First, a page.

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ISSUE 87 OCTOBER 2019

SERVING THE LOWER & MID-VALLEY

New CEO of Museum of South Texas History--E-E ISD Alumni, Frank Guarjardo,Ph.D.

The Board of Trustees of the Museum of South Texas History, which is located in downtown Edinburg across from the $150 million Hidalgo County Courthouse which is under construction, on Thursday, September 12, 2019, announced the recent hiring of Francisco Guajardo, Ph.D., as the museum’s new Chief

Executive Officer. Guajardo, who resides in Edinburg, is the former Executive Director for the B3 Institute at the University of Texas-Rio Grande Valley. “The museum has been blessed with excellent executive leadership over the years, and we are very pleased to welcome Francisco to the museum,” said Juancarlo Rendón, Chair, Museum Board of Trustees. “He brings unique skills and talents that will help take the museum to the next level.” Guajardo assumed his role at MOSTHistory on Tuesday, September 3, 2019. Guajardo was born and raised on both sides of the Texas-Mexico borderland. He attended Edcouch-Elsa schools and the University of Texas at Austin, where he earned a bachelor’s degree in English in 1987, a master’s degree in History in 1989 and a Doctorate in Educational Administration in 2003.

According to his biography, Guajardo’s areas of expertise feature Hispanic Serving Institutions, Latina/o leadership, community leadership, Latina/o epistemologies, and organizational change. Guajardo taught high school and developed innovative curricular programs at Edcouch-Elsa ISD between 1990 and 2002. Thereafter he began his tenure at the University of Texas-Pan American (now University of Texas Rio Grande Valley) where he became a full-time professor and the C. Bascom Slemp Endowed Chair in Education. At UTRGV he was the founding Executive Director of the B3 Institute, a university-wide office tasked with transforming UTRGV into a bilingual,

Brownsville Chef Endures to Success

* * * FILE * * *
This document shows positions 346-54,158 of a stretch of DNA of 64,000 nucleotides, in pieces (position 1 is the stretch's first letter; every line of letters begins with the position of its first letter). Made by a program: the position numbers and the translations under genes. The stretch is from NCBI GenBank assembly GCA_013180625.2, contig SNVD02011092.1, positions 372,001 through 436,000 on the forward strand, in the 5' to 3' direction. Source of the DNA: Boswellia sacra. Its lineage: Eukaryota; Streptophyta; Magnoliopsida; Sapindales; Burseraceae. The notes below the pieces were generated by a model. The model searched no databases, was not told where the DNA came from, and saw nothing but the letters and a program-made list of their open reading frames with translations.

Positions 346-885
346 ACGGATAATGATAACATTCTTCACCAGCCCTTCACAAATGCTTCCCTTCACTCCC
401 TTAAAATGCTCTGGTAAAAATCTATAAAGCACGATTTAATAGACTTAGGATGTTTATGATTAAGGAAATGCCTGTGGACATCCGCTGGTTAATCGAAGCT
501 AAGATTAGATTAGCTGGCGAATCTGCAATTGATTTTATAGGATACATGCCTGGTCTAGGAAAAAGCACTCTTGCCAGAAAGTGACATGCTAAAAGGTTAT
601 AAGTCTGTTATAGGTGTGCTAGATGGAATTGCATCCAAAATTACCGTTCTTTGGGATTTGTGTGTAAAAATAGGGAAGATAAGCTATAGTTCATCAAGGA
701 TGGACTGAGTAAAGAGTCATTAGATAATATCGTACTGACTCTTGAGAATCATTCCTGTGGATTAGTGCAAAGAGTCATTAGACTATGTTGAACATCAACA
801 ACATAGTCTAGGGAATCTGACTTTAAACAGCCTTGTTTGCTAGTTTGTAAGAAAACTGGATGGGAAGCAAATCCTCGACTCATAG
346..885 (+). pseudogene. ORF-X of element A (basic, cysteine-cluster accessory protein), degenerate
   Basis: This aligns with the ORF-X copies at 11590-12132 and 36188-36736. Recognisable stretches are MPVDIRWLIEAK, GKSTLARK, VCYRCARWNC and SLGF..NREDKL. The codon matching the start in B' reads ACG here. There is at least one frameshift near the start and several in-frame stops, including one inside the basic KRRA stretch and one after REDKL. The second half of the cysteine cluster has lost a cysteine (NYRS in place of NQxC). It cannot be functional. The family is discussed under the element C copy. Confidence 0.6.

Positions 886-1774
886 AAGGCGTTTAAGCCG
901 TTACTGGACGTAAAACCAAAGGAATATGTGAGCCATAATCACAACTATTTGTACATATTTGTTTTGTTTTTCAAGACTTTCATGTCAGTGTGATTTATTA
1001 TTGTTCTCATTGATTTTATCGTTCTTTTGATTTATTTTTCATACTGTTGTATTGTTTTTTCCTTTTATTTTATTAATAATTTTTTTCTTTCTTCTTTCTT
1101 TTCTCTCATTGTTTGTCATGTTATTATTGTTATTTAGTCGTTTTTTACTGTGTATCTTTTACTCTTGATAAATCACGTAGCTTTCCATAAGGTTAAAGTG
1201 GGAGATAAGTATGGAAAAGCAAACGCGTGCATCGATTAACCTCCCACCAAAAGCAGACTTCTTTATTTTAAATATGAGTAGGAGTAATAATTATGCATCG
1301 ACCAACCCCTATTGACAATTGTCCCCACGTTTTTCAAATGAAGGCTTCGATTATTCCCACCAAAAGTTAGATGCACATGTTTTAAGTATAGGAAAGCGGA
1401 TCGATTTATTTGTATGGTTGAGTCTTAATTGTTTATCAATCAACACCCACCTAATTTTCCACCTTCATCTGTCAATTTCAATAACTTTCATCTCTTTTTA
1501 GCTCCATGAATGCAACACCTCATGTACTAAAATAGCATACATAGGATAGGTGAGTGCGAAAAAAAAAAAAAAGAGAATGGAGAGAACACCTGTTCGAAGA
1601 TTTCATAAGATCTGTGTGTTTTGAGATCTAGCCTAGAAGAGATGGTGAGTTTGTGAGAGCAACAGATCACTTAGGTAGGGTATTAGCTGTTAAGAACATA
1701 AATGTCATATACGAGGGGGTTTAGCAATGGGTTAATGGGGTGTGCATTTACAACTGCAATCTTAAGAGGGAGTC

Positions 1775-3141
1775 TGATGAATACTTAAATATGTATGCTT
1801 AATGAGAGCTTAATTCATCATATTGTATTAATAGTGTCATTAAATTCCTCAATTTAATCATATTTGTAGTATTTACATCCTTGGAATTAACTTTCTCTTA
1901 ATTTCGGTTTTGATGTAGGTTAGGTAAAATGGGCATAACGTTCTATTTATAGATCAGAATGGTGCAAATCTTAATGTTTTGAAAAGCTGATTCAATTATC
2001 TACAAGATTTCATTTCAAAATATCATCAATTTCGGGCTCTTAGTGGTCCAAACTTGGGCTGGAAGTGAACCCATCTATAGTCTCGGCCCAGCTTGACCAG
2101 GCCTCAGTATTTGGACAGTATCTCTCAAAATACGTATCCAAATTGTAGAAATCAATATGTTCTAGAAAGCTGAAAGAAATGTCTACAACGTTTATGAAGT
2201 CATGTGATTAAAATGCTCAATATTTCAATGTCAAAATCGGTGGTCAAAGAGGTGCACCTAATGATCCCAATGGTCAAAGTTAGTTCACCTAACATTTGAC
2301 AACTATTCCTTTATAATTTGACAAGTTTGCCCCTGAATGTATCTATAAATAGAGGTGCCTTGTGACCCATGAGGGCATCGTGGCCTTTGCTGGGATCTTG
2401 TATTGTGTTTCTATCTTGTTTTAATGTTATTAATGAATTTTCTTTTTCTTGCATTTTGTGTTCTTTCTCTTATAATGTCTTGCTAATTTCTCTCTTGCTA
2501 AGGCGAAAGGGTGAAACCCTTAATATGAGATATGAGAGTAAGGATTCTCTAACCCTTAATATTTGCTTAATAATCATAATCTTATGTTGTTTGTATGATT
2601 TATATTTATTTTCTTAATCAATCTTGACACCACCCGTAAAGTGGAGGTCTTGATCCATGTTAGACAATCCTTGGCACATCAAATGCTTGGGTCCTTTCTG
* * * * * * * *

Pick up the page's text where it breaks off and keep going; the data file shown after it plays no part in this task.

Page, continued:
An aviation services manager recently gave Celia Galindo a call a few days after she had cooked meals for customers waiting to go through customs on their way to points south from Brownsville South Padre Island Airport. “Do you know who you served the other day?” the manager asked. No, she replied, saying she often does not know the identity of affluent customers she serves waiting to go through the customs process. “It was Bill Gates and his wife,” the manager told her. Galindo smiled at the memory and in true chef fashion, quickly add-

ed, “We did enchiladas for them.” The kitchen of Gourmet Central by Cel on Elizabeth Street in Brownsville is a busy place. She and her staff cook for the rich and famous, be it Gates or the Mexican billionaire Carlos Slim, who also enjoyed Galindo’s dishes at the airport. Mexican entertainer Pablo Montero is a fan of the menudo Galindo and her mother Chickie Samano serve. A photo of the three with beaming smiles is among the photos hanging on the walls of La Escondida. The restaurant is part of Galindo’s enterprise and among the cluster of rooms at the business on Elizabeth. Rows of delivery orders are stuck up with pins in the spacious Gourmet Central kitchen. They are catering orders as well as customers coming by the restaurant for private dining. “This kitchen can go from calm to crazy in a minute or two,” Galindo said. “We can’t wait for the next adrenaline rush.” See Chef pg.7

INSIDE God’s Response to bountiful giving Pg. 2 Advance Edcouch Pg. 3 Vanguard Academy Pg.4 Affordable Solutions Pg.7 How to reinvent yourself Pg.9 Hidalgo County honors Grand Champion Pg.11

see MUSEUM pg. 8`

New Cardiologist Seeing Patients in Weslaco